48. It has not escaped sight of the Court that the Claimant/Applicant has neither in the Application nor the statement of claim sought for any order from this Court, seeking that the Respondent be compelled to furnish him with particular information or at all.
49. By reason of the aforegoing premises, this Court is unprepared to interfere with the disciplinary process that the Respondent has commenced against the Claimant/Applicant. However, for clarity of record, there is no implication here that the Claimant/Applicant cannot assail, the substantive and procedural fairness of the disciplinary process and any decision flowing therefrom if the Claimant gets aggrieved by the same. The Application is hereby dismissed with costs.
DATED, SIGNED AND DELIVERED VIRTUALLY AT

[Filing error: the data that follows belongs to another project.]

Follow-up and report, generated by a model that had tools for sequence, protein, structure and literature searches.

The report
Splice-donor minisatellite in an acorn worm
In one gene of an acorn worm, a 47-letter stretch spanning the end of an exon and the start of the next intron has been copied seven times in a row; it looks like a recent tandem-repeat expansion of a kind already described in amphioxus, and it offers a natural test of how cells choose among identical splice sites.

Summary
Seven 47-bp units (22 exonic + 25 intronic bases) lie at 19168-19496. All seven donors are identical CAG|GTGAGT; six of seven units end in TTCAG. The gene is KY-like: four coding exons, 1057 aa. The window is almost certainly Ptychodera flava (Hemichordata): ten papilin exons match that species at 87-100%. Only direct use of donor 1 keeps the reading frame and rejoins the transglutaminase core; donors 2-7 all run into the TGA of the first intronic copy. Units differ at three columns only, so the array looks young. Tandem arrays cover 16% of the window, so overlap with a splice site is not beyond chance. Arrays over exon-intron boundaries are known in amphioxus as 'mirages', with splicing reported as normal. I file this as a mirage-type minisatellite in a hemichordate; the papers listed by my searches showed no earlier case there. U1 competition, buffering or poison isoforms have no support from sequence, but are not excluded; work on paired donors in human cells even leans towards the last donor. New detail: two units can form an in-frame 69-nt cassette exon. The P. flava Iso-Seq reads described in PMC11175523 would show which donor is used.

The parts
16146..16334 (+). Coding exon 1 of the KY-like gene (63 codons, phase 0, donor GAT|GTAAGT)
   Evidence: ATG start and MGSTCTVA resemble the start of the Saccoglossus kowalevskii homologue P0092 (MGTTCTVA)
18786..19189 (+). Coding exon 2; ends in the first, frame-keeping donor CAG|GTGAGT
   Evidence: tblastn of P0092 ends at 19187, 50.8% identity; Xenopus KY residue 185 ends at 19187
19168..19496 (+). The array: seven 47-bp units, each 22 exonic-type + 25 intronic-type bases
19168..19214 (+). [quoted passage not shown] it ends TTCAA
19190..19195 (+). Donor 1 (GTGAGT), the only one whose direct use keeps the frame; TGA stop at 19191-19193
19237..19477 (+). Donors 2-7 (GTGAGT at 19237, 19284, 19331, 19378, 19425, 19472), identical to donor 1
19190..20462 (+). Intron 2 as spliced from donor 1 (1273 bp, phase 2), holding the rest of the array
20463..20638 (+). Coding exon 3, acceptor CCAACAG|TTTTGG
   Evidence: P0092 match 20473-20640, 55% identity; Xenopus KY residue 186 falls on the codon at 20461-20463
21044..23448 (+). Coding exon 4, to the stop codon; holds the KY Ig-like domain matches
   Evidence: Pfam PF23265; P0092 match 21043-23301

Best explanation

NAIROBI THIS 19TH DAY OF APRIL, 2022.
Delivered in presence of:
Mr. Onsome for the Claimant / Applicant.
No appearance for the Respondent
In view of the declaration of measures restricting Court operations due to the COVID-19 pandemic and in light of the directions issued by His Lordship, the Chief Justice on 15th March 2020 and subsequent directions of 21st April 2020 that judgments and rulings shall be delivered through video conferencing or via email. They have waived compliance with Order 21 Rule 1 of the Civil Procedure Rules, which requires that all judgments and rulings be pronounced in open Court. In permitting this course, this Court has been guided by Article 159(2)(d) of the Constitution which requires the Court to eschew undue technicalities in delivering justice, the right of access to justice guaranteed to every person under Article 48 of the Constitution and the provisions of Section 1B of the Procedure Act (Chapter 21 of the Laws of Kenya) which impose on this Court the duty of the Court, inter alia, to use suitable technology to enhance the overriding objective which is to facilitate just, expeditious, proportionate and affordable resolution of civil disputes.
A signed copy will be availed to each party upon payment of Court fees.